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I noted here recently that Democrats were in hot demand at Washington lobbying firms, including a former “intern” of Joe Biden’s who signed up to represent a big financial firm. The New York Times has a story today on the same topic:
After eight years of the so-called K Street Project — the effort by Republican lawmakers and operatives to pressure companies, trade associations and lobbying firms to hire their fellow Republicans — the tasseled loafer is on the other foot. Companies and interest groups are competing to snap up Democrats. And scarcity has added to their value because so many well-connected Democrats are angling for jobs in the Obama administration, which has promised ethics rules that may block lobbyists from certain jobs. Meanwhile, recently passed Congressional ethics rules restrict the ability of departing Congressional staff members to lobby as well…
The starting salaries for former officials tell the story. An assistant department secretary leaving the Bush administration three years ago, with Republicans in control of the House, Senate and White House, might fetch as much $600,000 to $1 million a year in the influence business, recruiters and lobbyists said. But the same person might now expect less than half as much.
But for Democrats, the bidding is fierce. Three years ago, a Democratic staff director for an important House or Senate committee might have earned about $130,000 a year on Capitol Hill, and jumped to K Street for an annual salary of about $250,000. Now, the same person might command as much as $500,000 to $800,000 a year, several recruiters said. “There is a supply-and-demand issue with finding enough Democrats who have had senior-level positions,” said Nels Olson, of the recruiting firm Korn/Ferry International. “It is certainly a difficult time for Republicans.”
More from Ken Silverstein:
Commentary — November 17, 2015, 6:41 pm
The Clintons’ so-called charitable enterprise has served as a vehicle to launder money and to enrich family friends.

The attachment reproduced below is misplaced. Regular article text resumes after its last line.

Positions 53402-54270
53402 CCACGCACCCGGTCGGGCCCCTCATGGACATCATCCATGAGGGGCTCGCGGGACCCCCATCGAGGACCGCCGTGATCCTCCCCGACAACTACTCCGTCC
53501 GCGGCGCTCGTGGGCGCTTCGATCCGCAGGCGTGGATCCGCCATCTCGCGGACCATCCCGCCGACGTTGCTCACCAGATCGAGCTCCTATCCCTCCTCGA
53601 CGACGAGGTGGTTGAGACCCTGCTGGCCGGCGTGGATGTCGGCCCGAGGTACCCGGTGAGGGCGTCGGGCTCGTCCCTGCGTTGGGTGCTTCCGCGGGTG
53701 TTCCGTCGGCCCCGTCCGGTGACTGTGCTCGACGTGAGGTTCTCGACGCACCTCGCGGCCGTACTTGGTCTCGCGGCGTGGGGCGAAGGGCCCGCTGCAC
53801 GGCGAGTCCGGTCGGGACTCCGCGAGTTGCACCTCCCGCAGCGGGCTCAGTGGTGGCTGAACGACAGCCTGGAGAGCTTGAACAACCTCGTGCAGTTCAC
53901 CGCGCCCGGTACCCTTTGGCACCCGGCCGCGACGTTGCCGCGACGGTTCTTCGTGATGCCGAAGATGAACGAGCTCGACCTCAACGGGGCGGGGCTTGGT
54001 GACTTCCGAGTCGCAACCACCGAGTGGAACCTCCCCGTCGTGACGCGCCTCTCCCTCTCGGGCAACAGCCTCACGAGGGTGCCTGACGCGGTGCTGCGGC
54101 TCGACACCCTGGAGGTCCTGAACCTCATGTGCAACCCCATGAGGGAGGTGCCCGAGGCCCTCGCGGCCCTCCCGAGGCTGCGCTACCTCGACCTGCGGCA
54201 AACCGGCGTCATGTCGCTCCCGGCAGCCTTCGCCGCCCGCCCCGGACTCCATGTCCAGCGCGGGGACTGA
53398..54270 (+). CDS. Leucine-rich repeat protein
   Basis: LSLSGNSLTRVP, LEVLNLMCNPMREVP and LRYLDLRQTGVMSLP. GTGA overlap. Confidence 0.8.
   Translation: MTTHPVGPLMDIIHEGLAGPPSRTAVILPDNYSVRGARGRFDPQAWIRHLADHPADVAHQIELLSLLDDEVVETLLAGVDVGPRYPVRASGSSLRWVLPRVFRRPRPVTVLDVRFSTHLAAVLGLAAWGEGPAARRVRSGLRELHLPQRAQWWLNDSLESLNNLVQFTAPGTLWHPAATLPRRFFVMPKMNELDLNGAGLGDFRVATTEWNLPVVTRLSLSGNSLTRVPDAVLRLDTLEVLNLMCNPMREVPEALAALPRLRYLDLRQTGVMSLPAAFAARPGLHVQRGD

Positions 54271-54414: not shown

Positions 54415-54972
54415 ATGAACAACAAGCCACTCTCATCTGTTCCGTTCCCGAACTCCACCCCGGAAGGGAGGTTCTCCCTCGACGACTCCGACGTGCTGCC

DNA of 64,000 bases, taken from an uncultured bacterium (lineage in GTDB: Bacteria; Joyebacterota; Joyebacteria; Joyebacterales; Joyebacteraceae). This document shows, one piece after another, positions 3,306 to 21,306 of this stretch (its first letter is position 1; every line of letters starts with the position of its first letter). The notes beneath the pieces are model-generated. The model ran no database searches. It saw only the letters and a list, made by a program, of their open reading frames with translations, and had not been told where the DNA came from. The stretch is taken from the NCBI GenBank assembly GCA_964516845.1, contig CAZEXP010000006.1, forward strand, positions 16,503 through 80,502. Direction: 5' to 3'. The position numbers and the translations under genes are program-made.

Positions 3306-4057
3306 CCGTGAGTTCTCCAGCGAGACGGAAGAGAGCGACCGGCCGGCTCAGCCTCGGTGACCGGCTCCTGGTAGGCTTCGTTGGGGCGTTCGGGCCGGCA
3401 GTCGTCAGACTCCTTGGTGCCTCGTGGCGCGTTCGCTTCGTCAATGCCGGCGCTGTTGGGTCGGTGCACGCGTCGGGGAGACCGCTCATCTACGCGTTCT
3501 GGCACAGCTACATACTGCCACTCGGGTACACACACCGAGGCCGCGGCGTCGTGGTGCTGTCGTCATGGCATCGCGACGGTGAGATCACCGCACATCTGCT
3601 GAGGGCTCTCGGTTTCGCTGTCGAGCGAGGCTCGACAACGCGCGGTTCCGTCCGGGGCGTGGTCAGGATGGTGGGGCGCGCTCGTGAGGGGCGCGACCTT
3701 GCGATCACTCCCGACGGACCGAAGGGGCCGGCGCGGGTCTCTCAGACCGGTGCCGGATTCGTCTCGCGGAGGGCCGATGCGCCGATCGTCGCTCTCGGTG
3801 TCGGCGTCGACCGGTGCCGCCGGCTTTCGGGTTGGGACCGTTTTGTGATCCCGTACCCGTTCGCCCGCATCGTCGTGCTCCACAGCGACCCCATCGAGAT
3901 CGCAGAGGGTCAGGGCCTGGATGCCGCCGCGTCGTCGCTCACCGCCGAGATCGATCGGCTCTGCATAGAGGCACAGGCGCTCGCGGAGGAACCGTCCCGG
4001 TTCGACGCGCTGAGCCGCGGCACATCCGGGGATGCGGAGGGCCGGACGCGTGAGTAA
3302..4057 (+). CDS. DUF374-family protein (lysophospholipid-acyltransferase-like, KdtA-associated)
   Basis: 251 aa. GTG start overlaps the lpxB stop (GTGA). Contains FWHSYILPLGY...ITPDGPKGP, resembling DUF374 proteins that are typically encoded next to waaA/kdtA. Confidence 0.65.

Flor Arely Sánchez had been in bed with a fever and pains throughout her body for three days when a July thunderstorm broke over the mountainside. She got nervous when bolts of light flashed in the sky. Lightning strikes the San Julián region of western El Salvador several times a year, and her neighbors fear storms more than they fear the march of diseases — first dengue, then chikungunya, now Zika. Flor worried about a lot of things, since she was pregnant.
Late in the afternoon, when the pains had somewhat eased, Flor thought she might go to a dammed-up bit of the river near her house to bathe. She is thirty-five and has lived in the same place all her life, where wrinkled hills are planted with corn, beans, and fruit trees. She took a towel and soap and walked out into the rain. Halfway to the river, the pains returned and overcame her. The next thing Flor remembers, she was in a room she didn’t recognize, unable to move. As she soon discovered, she was in a hospital, her ankle cuffed to the bed, and she was being investigated for abortion.
Average number of new microwave food products introduced every day In 1987:
Cocaine addicts prefer $500 in cash now to $1,000 worth of cocaine later.
Scientists in the Galápagos Islands credited an endangered giant tortoise named Diego with saving his species by fathering more than 800 offspring.
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“Matt was happy enough to sustain himself on the detritus of a world he saw as careening toward self-destruction, and equally happy to scam a government he despised. 'I’m glad everyone’s so wasteful,' he told me. 'It supports my lifestyle.'”